"Red Hat Linux and JBoss have become leading platforms for hospitals," Richard Li, product marketing director for healthcare at Red Hat, told LinuxInsider.
This trend is driven by several factors. One is the forward-thinking, progressive hospitals that are setting the pace.
"This is being orchestrated by mostly a handful. The rest are followers," said Li.
Another driving point is the growing availability of network administrators turning to Internet service providers for business software solutions applications and services. Six major service providers now cater to hospitals and offer various modules for healthcare management needs.
Also contributing to this trend, according to Li, is the Health Level 7 United States Standards for electronic interchange of clinical, financial and administrative information among healthcare-oriented computer systems. Red Hat is working with several health groups to align open source standards with HL7 requirements.
The decision to move from proprietary to open source technology often starts with cost. The need for better performance and more flexibility adds to the urgency.
"Florida Hospital is a not-for-profit facility with a limited budget for computer network infrastructure. We are more of a cost to the hospital. We don't bring in revenue," Jack Velazquez, senior systems engineer for open source systems at Florida Hospital, told LinuxInsider.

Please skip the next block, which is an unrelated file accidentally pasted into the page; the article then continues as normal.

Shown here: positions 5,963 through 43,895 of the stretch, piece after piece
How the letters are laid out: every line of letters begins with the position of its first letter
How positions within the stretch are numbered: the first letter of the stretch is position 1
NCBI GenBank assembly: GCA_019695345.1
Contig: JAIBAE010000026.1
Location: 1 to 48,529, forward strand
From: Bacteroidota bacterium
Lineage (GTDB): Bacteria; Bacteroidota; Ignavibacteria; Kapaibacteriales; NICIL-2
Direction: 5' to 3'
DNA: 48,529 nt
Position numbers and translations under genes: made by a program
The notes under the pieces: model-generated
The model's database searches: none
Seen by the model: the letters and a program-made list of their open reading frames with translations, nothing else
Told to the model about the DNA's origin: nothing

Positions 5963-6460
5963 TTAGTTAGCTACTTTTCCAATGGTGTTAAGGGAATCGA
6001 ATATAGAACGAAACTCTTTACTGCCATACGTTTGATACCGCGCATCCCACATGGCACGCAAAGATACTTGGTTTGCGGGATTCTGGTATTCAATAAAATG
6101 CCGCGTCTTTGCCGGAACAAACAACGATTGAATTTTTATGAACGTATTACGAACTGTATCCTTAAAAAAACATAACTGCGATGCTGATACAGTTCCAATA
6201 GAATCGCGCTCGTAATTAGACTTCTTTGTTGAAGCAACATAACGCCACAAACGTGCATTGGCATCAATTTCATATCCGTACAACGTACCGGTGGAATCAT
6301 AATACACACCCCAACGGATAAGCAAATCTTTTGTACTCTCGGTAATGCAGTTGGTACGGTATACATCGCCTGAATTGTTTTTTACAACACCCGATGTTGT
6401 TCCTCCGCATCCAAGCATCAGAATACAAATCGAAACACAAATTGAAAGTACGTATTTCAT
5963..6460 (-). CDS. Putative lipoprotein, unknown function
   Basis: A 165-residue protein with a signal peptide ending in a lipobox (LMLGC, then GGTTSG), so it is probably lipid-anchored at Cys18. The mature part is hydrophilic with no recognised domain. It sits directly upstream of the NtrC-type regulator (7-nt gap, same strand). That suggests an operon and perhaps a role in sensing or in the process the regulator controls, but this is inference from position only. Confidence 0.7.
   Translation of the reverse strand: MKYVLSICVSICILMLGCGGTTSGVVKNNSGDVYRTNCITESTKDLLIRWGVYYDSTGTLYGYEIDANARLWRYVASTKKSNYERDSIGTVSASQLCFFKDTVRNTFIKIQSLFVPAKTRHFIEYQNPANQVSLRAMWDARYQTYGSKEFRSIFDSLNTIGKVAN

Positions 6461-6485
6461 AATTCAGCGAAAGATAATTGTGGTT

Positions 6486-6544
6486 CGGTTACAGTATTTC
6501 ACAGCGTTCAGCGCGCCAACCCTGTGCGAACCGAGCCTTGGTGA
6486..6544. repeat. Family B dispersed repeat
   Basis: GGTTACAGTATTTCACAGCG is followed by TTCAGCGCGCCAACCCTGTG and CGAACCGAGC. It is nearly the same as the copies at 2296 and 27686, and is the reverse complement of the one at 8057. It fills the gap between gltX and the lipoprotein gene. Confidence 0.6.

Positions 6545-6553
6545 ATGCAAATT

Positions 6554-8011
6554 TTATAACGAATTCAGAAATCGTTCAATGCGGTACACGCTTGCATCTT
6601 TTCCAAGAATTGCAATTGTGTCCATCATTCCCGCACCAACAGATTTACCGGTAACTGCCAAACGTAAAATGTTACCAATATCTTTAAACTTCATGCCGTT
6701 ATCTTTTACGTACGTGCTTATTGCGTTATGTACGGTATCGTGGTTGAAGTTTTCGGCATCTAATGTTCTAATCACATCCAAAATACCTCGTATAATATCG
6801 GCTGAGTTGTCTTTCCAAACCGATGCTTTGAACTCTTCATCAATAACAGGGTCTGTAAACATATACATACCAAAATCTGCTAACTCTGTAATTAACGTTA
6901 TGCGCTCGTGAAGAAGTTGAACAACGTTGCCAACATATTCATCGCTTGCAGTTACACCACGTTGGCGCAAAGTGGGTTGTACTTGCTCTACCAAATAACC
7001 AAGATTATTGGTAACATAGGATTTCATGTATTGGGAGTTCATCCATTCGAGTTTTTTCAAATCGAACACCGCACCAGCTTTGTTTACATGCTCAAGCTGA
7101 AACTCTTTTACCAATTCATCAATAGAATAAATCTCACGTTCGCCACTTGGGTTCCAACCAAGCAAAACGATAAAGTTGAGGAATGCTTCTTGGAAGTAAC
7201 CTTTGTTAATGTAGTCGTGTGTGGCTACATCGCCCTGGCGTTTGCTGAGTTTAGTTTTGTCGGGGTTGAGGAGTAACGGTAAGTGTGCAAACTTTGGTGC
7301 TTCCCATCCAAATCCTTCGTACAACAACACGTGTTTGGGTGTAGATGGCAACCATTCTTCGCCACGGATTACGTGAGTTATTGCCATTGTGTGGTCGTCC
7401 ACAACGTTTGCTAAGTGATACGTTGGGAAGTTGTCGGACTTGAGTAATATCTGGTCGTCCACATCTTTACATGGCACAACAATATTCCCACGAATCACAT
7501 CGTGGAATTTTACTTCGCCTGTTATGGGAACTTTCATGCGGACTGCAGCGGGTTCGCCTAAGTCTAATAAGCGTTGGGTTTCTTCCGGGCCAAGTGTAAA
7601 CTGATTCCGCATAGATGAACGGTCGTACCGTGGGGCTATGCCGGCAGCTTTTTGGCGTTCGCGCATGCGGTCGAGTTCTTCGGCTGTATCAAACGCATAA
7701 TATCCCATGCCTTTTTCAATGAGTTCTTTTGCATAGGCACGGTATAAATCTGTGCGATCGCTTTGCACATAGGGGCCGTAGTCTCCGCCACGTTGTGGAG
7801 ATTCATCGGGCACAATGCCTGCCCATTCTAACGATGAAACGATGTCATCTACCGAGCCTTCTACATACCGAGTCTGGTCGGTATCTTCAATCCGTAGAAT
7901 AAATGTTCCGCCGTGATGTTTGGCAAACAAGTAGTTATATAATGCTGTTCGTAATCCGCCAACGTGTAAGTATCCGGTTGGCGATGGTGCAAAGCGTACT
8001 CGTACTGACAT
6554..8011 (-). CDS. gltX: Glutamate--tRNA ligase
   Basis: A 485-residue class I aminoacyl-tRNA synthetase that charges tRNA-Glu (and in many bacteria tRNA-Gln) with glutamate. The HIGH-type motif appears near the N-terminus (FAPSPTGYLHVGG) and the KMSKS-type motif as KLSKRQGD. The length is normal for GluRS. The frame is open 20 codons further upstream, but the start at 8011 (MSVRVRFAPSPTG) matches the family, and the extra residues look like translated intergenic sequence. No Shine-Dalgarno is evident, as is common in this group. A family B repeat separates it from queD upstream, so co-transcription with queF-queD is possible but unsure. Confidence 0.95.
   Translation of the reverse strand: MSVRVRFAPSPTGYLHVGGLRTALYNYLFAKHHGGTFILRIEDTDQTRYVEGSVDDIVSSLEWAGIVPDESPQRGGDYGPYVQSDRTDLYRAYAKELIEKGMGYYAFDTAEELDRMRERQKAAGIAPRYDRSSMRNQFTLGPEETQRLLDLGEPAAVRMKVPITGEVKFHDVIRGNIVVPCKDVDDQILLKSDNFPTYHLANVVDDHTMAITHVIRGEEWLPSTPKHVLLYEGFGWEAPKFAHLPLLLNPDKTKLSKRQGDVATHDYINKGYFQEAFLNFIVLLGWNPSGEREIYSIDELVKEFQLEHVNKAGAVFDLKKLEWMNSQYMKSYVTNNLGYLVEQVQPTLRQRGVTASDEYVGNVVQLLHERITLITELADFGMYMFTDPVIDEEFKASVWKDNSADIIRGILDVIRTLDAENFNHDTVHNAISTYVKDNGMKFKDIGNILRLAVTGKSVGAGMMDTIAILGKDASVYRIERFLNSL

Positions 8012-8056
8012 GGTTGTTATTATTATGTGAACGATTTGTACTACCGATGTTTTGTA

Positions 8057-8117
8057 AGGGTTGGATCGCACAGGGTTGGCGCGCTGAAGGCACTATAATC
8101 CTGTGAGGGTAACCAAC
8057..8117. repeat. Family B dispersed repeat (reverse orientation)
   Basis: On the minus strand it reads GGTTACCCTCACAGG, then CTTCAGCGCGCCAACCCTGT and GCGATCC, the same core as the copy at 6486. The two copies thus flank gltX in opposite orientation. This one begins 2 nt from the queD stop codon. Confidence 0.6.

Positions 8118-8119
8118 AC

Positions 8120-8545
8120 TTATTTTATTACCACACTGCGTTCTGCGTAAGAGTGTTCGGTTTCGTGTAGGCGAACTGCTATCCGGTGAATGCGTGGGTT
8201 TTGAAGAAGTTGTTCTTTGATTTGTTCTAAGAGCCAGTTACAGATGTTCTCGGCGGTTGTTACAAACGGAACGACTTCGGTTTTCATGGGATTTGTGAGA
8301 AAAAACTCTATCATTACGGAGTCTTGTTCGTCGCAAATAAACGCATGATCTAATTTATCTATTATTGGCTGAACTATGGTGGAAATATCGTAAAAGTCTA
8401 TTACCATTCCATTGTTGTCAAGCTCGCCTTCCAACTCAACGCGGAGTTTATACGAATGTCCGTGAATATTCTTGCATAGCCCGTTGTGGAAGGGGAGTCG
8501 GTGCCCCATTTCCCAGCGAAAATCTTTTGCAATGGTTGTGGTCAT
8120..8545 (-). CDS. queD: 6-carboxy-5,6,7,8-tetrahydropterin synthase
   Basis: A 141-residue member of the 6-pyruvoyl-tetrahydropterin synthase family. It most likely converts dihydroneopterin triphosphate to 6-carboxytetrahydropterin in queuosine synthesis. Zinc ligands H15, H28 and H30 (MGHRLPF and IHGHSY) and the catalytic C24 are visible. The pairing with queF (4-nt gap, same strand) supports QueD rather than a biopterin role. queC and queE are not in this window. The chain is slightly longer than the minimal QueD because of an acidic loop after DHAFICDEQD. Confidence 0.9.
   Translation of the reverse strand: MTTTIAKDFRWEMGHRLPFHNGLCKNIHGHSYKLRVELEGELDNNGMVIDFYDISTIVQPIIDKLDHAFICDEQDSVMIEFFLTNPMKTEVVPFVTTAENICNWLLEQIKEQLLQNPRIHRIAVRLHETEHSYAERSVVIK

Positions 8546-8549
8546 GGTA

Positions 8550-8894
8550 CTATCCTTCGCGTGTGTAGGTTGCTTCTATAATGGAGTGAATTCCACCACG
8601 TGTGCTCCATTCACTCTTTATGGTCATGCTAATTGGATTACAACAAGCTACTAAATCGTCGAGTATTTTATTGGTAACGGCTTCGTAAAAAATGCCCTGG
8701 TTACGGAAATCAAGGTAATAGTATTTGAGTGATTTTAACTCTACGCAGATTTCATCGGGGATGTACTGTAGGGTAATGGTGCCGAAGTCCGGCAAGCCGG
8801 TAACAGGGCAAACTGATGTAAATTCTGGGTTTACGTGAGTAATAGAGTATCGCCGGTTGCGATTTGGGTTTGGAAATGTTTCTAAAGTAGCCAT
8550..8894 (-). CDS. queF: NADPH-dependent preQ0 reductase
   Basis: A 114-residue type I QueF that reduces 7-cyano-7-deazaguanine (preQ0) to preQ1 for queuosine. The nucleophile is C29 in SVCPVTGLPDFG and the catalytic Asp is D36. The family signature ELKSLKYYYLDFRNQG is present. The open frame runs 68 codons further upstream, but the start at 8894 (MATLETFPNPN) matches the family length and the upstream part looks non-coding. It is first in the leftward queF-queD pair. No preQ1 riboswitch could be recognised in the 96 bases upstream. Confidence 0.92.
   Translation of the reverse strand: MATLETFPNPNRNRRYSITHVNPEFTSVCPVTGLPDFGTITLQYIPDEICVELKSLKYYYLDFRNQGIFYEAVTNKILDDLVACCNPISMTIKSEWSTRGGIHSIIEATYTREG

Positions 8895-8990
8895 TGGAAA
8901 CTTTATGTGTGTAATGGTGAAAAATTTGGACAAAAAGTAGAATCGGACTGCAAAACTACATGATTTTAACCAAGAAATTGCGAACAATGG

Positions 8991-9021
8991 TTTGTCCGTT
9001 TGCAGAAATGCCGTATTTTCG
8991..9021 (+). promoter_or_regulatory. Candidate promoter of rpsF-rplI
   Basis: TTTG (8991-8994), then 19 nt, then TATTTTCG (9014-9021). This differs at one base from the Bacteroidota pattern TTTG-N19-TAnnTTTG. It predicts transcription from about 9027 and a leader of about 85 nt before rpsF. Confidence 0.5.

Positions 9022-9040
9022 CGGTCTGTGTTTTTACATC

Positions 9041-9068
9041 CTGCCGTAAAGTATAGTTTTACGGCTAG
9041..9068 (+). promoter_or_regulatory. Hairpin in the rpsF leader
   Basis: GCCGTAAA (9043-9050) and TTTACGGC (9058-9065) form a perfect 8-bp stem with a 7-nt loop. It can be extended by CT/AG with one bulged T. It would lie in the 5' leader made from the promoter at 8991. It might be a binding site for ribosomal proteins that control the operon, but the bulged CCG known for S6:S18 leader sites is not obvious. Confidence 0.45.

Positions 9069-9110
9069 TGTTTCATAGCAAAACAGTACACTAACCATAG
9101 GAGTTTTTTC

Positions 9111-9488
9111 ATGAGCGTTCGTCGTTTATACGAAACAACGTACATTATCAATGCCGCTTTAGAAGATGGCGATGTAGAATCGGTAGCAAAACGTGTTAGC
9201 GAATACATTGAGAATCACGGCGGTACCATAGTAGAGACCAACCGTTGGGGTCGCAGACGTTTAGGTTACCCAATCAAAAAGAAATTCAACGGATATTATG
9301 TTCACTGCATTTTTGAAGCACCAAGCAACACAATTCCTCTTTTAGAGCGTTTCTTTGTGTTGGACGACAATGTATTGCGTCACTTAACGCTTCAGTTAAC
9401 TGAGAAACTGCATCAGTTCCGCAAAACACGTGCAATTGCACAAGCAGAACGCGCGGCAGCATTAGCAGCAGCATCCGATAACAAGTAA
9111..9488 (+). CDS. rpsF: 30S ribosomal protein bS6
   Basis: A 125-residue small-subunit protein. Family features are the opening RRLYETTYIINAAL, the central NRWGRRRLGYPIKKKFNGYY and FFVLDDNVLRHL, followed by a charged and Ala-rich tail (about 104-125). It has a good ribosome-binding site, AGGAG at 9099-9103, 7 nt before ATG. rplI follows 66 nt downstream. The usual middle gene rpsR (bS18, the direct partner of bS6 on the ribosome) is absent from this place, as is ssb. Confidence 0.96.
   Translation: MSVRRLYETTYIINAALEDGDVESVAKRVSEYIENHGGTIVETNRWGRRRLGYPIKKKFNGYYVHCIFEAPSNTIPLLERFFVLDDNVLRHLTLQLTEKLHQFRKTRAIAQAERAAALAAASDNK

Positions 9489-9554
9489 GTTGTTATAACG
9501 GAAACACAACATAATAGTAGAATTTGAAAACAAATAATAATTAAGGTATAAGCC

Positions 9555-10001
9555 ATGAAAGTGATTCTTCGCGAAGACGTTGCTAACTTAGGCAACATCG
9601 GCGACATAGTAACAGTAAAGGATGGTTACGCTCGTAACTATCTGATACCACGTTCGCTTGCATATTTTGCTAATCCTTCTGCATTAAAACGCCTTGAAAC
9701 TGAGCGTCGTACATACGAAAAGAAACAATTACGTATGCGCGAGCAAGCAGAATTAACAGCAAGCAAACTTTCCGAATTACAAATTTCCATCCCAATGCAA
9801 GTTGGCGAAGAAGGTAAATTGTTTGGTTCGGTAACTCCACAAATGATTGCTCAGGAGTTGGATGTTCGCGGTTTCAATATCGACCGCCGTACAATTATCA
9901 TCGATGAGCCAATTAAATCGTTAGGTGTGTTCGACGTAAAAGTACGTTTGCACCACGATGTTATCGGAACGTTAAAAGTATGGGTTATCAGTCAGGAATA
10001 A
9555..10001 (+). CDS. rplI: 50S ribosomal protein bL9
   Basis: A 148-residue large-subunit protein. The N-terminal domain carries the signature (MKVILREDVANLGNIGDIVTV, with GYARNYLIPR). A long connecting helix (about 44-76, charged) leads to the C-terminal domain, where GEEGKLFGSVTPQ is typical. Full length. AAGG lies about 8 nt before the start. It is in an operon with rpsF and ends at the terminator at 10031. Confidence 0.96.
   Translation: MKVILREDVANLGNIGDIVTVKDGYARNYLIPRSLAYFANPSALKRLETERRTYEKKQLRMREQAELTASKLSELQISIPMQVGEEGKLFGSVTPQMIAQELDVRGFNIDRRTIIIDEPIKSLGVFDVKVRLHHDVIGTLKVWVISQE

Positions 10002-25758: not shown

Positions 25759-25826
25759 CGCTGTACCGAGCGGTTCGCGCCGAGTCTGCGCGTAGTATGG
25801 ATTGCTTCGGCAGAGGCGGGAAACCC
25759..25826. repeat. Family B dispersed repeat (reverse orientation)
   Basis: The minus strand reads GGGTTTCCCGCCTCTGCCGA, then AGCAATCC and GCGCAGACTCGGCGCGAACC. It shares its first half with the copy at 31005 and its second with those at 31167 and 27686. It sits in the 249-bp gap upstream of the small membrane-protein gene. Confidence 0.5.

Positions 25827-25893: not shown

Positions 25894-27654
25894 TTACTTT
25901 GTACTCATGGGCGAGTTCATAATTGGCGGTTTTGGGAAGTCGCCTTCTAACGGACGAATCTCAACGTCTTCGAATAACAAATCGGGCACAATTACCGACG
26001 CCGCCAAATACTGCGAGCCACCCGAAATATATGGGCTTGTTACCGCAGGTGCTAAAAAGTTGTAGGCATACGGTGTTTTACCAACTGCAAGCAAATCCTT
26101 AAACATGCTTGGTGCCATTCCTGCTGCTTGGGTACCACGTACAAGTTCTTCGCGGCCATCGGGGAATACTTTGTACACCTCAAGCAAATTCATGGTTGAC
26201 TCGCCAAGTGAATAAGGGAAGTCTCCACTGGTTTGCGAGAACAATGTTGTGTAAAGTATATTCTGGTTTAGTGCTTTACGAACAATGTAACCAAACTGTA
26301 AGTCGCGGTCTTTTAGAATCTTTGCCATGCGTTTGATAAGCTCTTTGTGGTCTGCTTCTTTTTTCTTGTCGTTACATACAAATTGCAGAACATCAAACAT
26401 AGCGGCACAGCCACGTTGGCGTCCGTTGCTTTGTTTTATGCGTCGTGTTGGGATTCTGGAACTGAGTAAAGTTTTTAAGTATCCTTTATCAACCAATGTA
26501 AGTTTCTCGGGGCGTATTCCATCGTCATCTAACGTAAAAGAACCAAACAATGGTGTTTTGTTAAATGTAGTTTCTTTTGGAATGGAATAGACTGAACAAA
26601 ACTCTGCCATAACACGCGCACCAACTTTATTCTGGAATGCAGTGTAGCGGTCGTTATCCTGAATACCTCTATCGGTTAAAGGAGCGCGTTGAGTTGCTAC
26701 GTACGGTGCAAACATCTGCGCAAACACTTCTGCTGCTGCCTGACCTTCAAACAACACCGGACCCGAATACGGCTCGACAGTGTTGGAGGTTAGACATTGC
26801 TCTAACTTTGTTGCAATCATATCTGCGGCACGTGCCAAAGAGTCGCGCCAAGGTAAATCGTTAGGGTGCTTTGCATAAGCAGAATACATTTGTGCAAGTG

The hospital decided in the mid-1990s to develop a new Web initiative to publish its internal applications on the Internet. That effort failed due to high costs. The expensive proprietary operating systems became too much of a liability, according to Velazquez.
At the same time, the hospital began to re-evaluate its disaster recovery system. The existing system needed as much as two days to restore file systems and data if disaster struck. So the quest began for a smarter system that would provide seamless business continuity for the hospital, he said.
Systems engineers at the hospital working with Red Hat designed a unique system that offloaded all applications and data to the Red Hat Global File System (GFS) running on the storage area network (SAN). Next was the creation of a six node cluster with each cluster sharing two volumes on the GFS, one for the applications and the other for data.
That eliminated having to replicate data or applications if a server failed. Because the servers only provide central processing units and power, everything else runs from GFS, Velazquez explained. Upgrading or restoring a machine in the cluster requires the team to install Red Hat Enterprise Linux and attach the computer to the SAN. That process takes minutes rather than days.